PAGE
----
Environmentally friendly means of production are often believed to be costly and detrimental to profit margins. However, this is not always the case. "Countries with high environmental standards are more competitive than those with poor standards."

"The EU's high environmental standards have been put in place by all member states because of the importance attached to protecting human health and conserving the environment; our future prosperity depends on these elements. They are one reason why our companies are exporting their know-how in green technologies and services all over the world."

Now, says Vella, "We have the chance of doing more with less. By using raw materials and resources more efficiently and being less dependent on imports, businesses in the EU are becoming more competitive and resilient to supply shocks and price fluctuations."

He points out that Europe's commitment to high environmental standards is not limited to the borders of the Union. In fact, all recent EU bilateral trade agreements include provisions that reflect global environmental commitments, on topics such as hazardous waste and chemicals, the conservation and sustainable use of natural resources, biodiversity, forestry and fisheries.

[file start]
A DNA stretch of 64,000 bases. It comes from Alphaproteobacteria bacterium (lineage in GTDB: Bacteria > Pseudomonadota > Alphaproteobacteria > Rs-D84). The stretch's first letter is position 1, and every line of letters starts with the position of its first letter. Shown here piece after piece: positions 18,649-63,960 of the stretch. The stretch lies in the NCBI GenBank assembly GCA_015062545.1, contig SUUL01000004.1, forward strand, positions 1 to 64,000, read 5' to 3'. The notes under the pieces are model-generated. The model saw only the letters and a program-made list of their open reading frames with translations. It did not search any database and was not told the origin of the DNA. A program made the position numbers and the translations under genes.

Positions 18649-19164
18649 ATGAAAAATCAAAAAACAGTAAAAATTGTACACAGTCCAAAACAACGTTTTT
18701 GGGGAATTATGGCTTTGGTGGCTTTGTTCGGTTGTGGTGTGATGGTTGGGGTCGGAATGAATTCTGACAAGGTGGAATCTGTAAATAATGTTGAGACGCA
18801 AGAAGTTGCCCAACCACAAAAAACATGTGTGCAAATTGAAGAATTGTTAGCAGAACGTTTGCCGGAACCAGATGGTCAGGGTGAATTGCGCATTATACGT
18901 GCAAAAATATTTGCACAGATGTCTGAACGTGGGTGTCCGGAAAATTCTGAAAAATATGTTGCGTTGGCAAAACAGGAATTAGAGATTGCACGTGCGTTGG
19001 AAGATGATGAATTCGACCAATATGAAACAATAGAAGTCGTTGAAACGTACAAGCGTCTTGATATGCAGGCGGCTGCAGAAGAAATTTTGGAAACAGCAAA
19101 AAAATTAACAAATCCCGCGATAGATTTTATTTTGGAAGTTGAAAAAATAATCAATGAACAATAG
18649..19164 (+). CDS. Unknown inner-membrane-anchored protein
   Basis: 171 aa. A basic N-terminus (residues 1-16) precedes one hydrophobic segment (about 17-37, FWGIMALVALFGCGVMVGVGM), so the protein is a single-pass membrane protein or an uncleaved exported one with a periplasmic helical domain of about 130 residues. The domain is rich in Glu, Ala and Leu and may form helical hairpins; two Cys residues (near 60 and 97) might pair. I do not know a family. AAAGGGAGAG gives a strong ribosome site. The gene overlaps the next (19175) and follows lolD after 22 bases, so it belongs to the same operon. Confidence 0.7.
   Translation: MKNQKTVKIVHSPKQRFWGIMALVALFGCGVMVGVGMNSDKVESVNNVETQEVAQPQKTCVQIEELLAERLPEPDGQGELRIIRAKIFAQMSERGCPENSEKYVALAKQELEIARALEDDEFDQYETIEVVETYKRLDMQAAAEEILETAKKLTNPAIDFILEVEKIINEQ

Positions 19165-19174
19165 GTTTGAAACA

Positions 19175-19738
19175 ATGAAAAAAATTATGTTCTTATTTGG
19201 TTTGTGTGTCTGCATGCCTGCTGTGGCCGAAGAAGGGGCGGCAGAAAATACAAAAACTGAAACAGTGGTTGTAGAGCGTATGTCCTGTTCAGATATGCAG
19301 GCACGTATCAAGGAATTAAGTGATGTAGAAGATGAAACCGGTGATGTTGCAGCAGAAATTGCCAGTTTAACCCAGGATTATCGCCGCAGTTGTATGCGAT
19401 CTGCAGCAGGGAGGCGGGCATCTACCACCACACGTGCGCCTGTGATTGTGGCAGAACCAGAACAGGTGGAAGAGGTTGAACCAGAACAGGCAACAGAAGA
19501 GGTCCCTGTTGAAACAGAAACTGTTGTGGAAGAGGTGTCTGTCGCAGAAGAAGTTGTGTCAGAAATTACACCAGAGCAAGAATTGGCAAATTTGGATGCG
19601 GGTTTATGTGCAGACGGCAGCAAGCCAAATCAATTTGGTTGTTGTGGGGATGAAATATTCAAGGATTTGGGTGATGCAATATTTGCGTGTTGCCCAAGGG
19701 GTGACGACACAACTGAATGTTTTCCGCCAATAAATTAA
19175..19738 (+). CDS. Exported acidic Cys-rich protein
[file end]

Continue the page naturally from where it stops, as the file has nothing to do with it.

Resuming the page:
These trade agreements also require parties to commit to avoid lowering environmental standards for the purpose of gaining commercial advantage, he adds.

One of the subjects Green Week participants will discuss is 'investing in our oceans'. When it comes to fisheries, a key challenge is attracting more investment into Europe's seas while also balancing the needs for fish stocks to be sustainable, both in EU waters and outside. 

Vella acknowledges that our continent's seas and coastlines have huge potential, "an enormous wealth in natural resources and human capital." He explains that, under the maritime and fisheries fund, the EU is investing €6.4bn to make its maritime industry a global pioneer of sustainable blue growth.

The Maltese official also says the Commission is working to tackle other challenges facing the sea, such as climate change, overfishing and environmental pollution. He argues that the circular economy has a key role to play here, especially when it comes to plastics pollution.